Bring on the Rejection Letters

Late in 2005, almost three years after I wrote the first draft, the members of my writing group told me it was time to send out my novel manuscript, already. Any further fiddling with it should be at the hands of an editor who wanted to publish it. I did a quick final polish, wrote my first query letter (like a cover letter for a resume) and sent out the first ten pages to an editor I met a few years ago at a conference. That was a few weeks ago. It might take as long as six months to get a reply, which I know from listening to experienced, published writers is likely to be a rejection. I already have the next publisher picked out so that the turnaround time should be brief. But the process has begun. I know it’s likely to be long and discouraging, and I think I’m prepared. I’ve unearthed the draft of my second novel, and it sits accusingly in my office, waiting. I’ll try not to let it gather dust.

For those of you wondering about sending straight to an editor and not using an agent, my novel is for the young adult market. Most agents are wary of taking on unpublished writers of YA novels, since the money is much less than for “adult” books. Many children’s book publishers accept unsolicited manuscripts or query letters with ten-page samples directly from authors, so that is the method I’m using for now.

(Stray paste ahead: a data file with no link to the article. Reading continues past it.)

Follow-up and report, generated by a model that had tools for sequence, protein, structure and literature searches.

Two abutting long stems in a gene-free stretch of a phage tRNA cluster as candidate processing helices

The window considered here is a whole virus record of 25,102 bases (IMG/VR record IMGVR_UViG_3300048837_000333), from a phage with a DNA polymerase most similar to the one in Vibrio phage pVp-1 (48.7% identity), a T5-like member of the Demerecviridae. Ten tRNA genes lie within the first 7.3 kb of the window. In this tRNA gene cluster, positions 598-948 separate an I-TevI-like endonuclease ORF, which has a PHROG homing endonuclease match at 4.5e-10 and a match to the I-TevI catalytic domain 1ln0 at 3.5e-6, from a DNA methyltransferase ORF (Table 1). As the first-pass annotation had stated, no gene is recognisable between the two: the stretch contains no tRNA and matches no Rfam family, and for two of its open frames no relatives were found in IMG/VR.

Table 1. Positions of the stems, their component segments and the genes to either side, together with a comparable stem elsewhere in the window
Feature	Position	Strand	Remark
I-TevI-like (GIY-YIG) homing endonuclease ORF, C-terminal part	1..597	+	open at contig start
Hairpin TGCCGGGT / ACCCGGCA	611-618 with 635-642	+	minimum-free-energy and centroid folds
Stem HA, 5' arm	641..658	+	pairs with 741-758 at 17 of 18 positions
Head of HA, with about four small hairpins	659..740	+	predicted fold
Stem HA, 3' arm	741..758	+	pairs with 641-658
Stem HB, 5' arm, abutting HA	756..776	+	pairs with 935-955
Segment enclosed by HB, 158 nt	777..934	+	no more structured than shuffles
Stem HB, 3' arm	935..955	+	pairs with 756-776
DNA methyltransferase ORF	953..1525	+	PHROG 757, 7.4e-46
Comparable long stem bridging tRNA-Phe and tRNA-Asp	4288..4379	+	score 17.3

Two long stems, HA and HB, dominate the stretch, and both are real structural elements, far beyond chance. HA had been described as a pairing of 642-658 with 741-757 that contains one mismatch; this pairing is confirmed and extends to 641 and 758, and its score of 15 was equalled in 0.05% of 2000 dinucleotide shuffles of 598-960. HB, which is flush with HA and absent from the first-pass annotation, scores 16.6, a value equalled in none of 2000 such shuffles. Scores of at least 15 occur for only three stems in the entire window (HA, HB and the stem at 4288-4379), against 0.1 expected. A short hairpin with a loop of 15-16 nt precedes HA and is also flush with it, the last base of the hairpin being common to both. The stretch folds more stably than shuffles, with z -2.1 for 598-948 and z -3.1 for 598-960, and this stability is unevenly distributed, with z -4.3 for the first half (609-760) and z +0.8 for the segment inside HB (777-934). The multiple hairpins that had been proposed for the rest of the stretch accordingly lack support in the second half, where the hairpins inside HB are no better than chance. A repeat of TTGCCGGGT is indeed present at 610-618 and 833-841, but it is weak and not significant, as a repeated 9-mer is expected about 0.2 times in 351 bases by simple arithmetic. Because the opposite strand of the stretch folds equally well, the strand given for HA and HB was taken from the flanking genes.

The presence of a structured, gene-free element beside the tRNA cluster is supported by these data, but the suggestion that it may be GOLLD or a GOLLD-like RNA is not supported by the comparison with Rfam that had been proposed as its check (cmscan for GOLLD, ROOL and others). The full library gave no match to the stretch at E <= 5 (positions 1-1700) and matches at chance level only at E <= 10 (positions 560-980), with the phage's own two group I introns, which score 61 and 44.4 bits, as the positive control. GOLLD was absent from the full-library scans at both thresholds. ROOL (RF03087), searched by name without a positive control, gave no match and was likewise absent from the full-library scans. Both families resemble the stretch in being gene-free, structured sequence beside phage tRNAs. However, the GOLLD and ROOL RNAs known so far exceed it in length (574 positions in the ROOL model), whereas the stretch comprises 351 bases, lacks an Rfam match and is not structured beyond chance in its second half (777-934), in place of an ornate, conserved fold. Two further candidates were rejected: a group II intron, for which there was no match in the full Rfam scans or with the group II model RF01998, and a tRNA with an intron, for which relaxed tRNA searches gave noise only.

3 Responses to “Bring on the Rejection Letters”

  1. V Says:

    Good luck!

  2. kirk Says:

    Good luck, GD(K)!

    Question: What is the constraint to sending a manuscript to, say, 10 publishers at once?

  3. girldetective Says:

    Good question, and one that I found out early on when I started taking workshops at the Loft Literary Center, which is a great resource for writers in the Twin Cities. Sending out multiple queries at once is not recommended. What a writer is trying to do is to establish a connection with an editor. Unless a writer states in the query letter that s/he has sent it to multiple publishers, the assumption by an editor that the query is exclusive. While it’s time consuming to send, wait, send, it’s the best way to forge a potential one-on-one relationship with an editor. Also, it’s considered presumptuous by new, unpublished authors to send out multiple queries–it indicates a high level of confidence in one’s book that is usually unwarranted in the crowded, competitive world of publishing.